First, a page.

Qatar Ditches Reform To Keep Slave Labor System

The migrant workers building 2022 World Cup venues will still be exploited, same as before

Nice living conditions for your slaves, Qatar — REUTERS
Jan 17, 2017 at 4:54 PM ET

Qatar enacted years-in-the-making legislation last month that formally abolishes its kafala system of indentured servitude, which is responsible for human rights abuses and modern slavery of migrant workers, many of whom have reportedly died while working in abhorrent conditions for sub-par pay and needing their employers’ permission to change jobs or leave the country.

Much of this abuse has come to light thanks to reports from groups such as Amnesty International and others who have investigated the practices during the mass construction of stadiums in advance of the 2022 World Cup. Critics panned the new law at the time as insufficient reform.

Now, some two weeks later, Qatar is reportedly backtracking from the newly revamped system via the Emir-issued Law No. 1 of 2017 that still requires expatriate workers to seek permission from their employers to leave the country. As explained, what was going to be an automated system has been scrapped in favor of the prior system by which employers must grant permission.

As Human Rights Watch wrote, “Changes to the labour law that took effect in 2016 will not protect migrant workers from the serious abuses that characterize Qatar’s construction industry and other low-paid sectors of its economy… Migrant workers will not be able to switch employers, even if the workers experience abuse, and will still need their employer’s permission to leave the country.”

Furthermore, argued James Dorsey, an international studies scholar and author of The Turbulent World of Middle East Soccer, the lack of meaningful change in labor law, combined with a multi-billion-dollar investment in Russian state oil company Rosneft PJSC, demonstrate that “countries like Qatar, which has been under pressure to clean up its human rights act in the wake of winning hosting rights for the 2022 World Cup, no longer feel the need to at least pay lip service to human rights and trade union activists clamouring for an end to kafala, the labour sponsorship system that puts employees at the mercy of their employers.”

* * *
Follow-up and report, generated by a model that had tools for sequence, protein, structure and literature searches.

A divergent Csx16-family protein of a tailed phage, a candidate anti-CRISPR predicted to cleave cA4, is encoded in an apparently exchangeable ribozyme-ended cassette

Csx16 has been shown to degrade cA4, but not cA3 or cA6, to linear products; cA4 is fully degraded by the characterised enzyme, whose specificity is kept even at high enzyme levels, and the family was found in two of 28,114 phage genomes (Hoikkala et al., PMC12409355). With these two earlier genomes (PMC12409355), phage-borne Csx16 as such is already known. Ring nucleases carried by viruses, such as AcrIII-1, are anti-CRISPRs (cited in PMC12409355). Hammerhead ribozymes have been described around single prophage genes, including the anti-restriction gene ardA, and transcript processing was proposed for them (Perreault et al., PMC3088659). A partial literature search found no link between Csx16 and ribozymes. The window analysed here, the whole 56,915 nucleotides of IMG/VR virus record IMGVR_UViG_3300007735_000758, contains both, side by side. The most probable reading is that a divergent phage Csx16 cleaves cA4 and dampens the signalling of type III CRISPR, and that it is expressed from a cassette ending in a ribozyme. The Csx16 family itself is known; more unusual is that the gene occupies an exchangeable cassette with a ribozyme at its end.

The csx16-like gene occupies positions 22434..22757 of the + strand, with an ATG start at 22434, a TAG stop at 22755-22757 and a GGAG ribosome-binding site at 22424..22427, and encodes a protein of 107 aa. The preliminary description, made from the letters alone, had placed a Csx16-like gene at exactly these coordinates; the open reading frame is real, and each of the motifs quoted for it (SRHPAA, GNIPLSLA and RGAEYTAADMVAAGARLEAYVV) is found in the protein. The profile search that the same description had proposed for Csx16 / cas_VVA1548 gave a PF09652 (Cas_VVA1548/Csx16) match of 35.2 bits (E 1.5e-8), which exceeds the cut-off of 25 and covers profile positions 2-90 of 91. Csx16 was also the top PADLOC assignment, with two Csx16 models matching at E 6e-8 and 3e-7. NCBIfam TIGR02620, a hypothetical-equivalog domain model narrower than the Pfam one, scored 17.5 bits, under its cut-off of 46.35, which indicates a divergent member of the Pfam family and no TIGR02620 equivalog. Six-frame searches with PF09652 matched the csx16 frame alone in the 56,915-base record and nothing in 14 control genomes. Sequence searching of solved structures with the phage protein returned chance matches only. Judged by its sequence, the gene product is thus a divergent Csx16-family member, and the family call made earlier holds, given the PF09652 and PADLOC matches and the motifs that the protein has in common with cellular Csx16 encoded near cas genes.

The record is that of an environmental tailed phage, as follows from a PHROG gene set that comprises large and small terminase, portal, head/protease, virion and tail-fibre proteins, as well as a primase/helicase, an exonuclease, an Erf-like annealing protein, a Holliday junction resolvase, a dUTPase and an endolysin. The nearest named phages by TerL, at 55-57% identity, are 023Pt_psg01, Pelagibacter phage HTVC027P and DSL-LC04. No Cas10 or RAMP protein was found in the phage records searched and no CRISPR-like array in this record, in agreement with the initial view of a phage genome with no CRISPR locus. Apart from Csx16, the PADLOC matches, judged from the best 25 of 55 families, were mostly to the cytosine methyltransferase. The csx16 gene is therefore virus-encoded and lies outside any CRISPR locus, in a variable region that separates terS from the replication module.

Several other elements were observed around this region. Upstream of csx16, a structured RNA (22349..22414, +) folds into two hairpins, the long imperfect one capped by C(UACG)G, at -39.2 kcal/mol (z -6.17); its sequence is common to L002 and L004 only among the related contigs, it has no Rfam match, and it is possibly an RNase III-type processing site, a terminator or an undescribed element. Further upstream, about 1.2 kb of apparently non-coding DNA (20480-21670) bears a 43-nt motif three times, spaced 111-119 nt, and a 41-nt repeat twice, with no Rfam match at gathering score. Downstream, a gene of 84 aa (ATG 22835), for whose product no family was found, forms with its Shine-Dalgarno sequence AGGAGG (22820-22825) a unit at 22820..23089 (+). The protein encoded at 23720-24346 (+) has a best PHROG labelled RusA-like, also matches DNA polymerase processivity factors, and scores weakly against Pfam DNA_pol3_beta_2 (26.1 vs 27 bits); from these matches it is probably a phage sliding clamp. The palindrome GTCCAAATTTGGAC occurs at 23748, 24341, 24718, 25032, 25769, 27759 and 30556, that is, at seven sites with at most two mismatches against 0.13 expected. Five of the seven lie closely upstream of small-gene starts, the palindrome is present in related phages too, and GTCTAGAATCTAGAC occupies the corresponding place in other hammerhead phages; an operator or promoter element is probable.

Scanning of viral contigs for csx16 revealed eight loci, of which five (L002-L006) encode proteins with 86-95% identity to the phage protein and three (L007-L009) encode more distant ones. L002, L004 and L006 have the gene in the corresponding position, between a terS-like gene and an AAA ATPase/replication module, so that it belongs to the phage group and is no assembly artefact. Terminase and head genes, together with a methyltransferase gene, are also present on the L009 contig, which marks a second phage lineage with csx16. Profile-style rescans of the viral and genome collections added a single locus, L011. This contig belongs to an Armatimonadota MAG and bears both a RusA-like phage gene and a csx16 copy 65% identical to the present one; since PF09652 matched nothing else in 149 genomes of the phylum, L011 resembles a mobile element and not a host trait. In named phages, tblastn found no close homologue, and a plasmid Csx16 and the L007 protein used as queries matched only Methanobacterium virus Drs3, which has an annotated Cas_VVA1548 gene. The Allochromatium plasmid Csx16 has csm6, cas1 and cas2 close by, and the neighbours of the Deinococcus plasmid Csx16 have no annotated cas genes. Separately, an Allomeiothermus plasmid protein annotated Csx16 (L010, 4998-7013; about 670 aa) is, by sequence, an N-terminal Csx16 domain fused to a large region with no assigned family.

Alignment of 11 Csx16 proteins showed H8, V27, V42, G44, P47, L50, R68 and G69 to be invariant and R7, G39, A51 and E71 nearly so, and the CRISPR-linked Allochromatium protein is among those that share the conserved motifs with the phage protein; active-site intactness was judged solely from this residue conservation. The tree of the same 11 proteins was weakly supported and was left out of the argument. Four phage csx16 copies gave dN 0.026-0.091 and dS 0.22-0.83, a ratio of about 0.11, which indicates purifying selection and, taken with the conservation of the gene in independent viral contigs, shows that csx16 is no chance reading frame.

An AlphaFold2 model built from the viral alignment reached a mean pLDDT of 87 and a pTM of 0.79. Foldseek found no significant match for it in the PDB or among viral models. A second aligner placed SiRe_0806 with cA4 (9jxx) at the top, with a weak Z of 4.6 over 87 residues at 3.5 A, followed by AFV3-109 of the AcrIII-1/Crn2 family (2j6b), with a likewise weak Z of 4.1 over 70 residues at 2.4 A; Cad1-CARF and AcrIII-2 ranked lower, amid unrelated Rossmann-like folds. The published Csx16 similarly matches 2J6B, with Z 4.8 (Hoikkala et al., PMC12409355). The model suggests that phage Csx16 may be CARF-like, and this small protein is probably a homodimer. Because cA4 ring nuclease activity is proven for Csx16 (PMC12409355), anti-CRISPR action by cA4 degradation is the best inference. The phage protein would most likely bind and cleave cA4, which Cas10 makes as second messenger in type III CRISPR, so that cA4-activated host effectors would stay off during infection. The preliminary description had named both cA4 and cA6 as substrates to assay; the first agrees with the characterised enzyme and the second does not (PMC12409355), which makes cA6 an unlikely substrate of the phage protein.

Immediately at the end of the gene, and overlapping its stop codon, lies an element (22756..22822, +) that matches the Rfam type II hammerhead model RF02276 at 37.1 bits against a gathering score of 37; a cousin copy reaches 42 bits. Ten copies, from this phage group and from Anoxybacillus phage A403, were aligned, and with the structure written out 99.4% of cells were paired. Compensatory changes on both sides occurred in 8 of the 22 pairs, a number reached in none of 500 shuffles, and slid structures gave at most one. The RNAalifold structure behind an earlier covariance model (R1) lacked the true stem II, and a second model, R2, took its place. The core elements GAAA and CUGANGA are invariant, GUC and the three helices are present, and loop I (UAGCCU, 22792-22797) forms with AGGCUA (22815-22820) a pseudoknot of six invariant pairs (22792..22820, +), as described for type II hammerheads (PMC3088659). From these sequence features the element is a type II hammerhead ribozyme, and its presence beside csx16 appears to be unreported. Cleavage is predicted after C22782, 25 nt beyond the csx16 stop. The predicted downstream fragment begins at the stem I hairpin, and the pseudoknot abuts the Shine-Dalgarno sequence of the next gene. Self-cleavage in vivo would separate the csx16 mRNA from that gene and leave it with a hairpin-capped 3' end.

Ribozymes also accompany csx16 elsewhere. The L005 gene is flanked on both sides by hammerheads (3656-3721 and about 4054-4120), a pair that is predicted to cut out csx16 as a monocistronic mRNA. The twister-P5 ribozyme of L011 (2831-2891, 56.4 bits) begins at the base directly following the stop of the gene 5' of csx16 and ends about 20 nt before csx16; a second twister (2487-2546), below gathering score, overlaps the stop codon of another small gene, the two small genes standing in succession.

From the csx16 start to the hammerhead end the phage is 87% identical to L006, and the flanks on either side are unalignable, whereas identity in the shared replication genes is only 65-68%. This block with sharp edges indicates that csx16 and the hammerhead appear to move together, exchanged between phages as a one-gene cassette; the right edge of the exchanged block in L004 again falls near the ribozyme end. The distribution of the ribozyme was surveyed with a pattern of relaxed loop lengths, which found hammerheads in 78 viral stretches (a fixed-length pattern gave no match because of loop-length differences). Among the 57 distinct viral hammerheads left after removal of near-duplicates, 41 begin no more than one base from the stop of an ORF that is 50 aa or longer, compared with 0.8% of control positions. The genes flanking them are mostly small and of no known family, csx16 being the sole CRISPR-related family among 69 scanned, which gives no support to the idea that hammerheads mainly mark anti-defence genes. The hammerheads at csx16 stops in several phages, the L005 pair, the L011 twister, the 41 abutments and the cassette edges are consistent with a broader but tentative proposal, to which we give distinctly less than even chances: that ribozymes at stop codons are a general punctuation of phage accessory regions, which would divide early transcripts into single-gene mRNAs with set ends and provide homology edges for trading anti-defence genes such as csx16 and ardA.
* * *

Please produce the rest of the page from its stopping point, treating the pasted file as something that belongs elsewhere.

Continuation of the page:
Soon after the softened employment law came international legal corroboration, with the Commercial Court of Zurich rejecting a lawsuit filed by Dutch and Bangladeshi trade groups against FIFA for alleged human rights violations pertaining to Qatari World Cup construction. FIFA crowed about the ruling, issuing a statement that said it “welcomes the decision” while touting their so-called record on the matter.

“FIFA takes the issue of working conditions and human rights in connection with the 2022 FIFA World Cup in Qatar very seriously,” soccer’s international governing body wrote. “FIFA monitors the situation very closely and, as recently stated by President Infantino, will continue to urge the Qatari authorities to ensure safe and decent working conditions for construction workers.”

Well, FIFA did post a story on its website about the solar-powered, cooling construction helmets that might be available to some workers, complete with pull quote boasting that “this innovative technology will provide a more comfortable and safer working conditions for the workers.”

Then why are human rights groups still up in arms?

“Qatar’s refusal to countenance meaningful reform of its labor system will mean more abuse, more exploitation, and more suffering for migrant workers,” Joe Stork, deputy Middle East director at Human Rights Watch, said. “Qatar claims to have abolished its kafala system, but all it did was change the name.”